One more study suggested that the gender gap can be related to the health of their heart. There was a study which suggested that since men are more likely to expire due to heart issues during their middle age and these men who live for more than 65 years of age might have healthy hearts which safeguard the brain from suffering from Alzheimer’s. Both heart issues and Alzheimer’s share similar risk factors including diabetes, cholesterol and obesity.

Facts on Dementia – Few things you need to know

Now that you are familiar with the fact that dementia occurs more among women, there are few facts that you need to know on this disease. Keep reading for more information.

Neurodegeneration and dementia

Neurodegeneration is the condition which describes the neuron loss in the brain and which leads to several diseases like dementia. If you consider the word ‘dementia’, it is an umbrella term which covers several symptoms. Symptoms can vary among the different types of dementia and they might include confusion, memory loss and mood disorders. Dementia is caused by several diseases like Alzheimer’s disease. In fact this is the most common one which causes majority of the cases of dementia. Few other diseases which lead to dementia are vascular dementia, Lewy body dementia and frontotemporal dementia.

Who are the ones vulnerable to dementia?

Most people that suffer from dementia are above the age of 65 and as per estimates, only 2-5% of people living with dementia are under the age of 65 years. Nevertheless, there are few rare forms of dementia which can affect people who are of 30, 40 or 50 years of age. In the United Kingdom, 65% of the people with dementia are female and 34% are male. This difference is mainly because women live longer than men and because dementia is more common with age. 830,000 people in the UK are living with dementia. It has been estimated by the end of 2021 that the total number of people to be suffering from dementia would reach 1 million.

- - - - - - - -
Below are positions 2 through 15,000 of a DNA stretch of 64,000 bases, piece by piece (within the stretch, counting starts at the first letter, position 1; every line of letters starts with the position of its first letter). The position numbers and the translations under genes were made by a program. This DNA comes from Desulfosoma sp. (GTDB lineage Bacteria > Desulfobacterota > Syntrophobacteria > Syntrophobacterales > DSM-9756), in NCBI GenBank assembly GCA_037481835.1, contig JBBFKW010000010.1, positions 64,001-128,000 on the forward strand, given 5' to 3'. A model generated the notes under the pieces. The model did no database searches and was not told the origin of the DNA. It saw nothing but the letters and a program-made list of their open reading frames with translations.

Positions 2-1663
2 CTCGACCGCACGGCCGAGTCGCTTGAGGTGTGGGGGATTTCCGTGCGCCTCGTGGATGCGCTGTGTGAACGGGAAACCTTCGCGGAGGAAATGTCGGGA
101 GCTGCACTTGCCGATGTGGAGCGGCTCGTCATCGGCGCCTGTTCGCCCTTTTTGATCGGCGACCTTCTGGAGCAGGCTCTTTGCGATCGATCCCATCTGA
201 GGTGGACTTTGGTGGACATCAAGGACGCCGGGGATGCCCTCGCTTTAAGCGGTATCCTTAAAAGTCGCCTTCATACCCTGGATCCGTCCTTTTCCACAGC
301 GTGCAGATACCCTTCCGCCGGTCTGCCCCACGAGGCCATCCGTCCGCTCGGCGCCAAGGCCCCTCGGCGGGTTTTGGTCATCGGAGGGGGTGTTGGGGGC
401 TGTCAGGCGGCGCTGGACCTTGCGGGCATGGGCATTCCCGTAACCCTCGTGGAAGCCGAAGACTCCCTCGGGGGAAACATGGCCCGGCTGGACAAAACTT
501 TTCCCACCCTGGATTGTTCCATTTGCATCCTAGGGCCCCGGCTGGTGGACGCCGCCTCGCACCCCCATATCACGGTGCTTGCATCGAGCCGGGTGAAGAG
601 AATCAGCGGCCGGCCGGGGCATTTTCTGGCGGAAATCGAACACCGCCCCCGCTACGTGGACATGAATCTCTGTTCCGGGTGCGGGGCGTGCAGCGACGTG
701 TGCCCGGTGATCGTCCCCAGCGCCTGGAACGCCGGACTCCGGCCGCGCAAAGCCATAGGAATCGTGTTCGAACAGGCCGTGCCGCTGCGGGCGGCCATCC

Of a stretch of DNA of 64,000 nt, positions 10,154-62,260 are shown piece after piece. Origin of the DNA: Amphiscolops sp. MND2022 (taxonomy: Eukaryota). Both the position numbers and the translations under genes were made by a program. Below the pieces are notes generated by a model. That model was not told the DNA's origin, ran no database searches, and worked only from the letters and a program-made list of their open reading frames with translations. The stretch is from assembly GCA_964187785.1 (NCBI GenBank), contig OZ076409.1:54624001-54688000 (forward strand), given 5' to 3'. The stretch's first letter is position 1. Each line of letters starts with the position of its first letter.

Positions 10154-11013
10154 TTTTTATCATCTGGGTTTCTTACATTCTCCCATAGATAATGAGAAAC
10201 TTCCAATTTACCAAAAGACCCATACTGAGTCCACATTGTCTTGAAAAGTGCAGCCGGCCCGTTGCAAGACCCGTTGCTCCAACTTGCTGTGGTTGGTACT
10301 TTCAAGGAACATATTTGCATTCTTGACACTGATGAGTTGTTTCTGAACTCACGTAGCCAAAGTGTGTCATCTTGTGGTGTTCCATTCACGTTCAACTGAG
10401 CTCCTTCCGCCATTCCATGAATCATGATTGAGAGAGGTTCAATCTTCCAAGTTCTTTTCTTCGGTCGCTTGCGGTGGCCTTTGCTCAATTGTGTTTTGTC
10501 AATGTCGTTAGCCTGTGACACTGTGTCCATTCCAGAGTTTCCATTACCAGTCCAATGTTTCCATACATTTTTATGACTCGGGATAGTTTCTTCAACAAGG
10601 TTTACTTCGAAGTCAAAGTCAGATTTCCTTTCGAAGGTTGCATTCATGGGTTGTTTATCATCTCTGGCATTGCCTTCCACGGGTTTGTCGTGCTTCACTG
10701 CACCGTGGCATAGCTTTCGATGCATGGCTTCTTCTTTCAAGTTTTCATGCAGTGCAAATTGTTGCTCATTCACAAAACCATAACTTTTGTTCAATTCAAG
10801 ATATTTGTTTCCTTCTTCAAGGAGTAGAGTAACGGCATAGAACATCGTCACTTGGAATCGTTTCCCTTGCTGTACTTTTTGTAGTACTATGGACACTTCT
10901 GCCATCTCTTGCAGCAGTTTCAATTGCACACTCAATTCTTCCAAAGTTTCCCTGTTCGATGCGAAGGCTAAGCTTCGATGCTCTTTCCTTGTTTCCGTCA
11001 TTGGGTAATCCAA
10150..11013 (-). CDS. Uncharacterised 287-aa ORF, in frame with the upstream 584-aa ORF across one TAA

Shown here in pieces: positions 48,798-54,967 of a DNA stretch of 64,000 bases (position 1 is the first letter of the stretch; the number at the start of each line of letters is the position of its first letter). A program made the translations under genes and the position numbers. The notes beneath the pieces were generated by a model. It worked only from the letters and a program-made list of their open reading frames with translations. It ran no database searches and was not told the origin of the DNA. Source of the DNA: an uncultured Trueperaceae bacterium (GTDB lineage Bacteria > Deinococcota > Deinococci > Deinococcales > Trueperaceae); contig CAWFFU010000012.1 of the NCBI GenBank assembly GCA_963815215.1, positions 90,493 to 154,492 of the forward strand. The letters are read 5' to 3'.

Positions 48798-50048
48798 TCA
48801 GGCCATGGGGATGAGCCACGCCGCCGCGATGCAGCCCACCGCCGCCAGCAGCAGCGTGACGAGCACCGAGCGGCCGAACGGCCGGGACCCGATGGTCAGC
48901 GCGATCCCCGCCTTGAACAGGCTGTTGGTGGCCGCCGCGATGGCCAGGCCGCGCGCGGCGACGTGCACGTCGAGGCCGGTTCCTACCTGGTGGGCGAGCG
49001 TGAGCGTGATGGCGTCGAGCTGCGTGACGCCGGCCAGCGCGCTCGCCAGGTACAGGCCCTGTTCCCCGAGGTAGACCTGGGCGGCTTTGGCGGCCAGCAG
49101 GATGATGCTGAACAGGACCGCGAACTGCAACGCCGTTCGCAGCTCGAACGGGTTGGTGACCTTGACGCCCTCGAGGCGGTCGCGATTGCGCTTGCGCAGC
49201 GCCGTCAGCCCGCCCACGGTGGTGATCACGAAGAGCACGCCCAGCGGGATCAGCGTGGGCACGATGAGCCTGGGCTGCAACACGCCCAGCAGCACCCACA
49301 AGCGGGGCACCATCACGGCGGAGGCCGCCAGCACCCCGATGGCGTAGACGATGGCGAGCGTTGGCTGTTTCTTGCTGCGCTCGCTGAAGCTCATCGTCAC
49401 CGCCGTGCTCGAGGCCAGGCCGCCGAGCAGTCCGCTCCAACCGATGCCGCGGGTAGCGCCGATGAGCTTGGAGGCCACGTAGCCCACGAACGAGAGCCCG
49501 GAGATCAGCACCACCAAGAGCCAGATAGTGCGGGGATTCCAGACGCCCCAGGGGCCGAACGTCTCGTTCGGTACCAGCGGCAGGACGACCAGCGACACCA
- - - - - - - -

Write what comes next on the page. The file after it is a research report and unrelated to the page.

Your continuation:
The most common symptoms and signs of dementia among women

Dementia develops gradually and there are few early signs which might not even be obvious. As the early signs of dementia are similar to the symptoms of various other diseases, it is tough to differentiate between proper dementia and forgetfulness which is normal with aging. Lewy body dementia, Alzheimer’s and frontotemporal dementia are all degenerative diseases of the nerve, this means that the symptoms gradually get serious with time. Such is also the case with vascular dementia. The speed of progression depends among people and there are also forms of dementia which progress slowly with time. With time dementia progresses and hence these are the symptoms that you may find:

  • Worsening impact on the ability of people to think, remember and make vital decisions
  • Language and communication can become extremely difficult
  • The behavior of a person might change and there are some people who might even get demoralised for no reason or feel sad with no big reason
  • Phobias and anxieties will also become common
  • Agitation and anger will become common during the advanced stages of dementia
  • It is common for the aged people to be unsteady on their feet and trip more often
  • People will need more help with regular life activities like toilet, dressing and eating
Are there treatments available for dementia?

Dementia is the cause due to different progressive diseases which are most often not curable. However, there are few treatments which are available and which can help few people with early signs of dementia, including those which are caused by Alzheimer’s. However, the impact is temporary and they don’t work in a similar way for everyone. It is henceforth sad enough to note that there is no such treatment which can halt the progress of this disease in the brain. But the family members of the patient can appoint domiciliary care services in order to get professional assistance from the expert caregivers.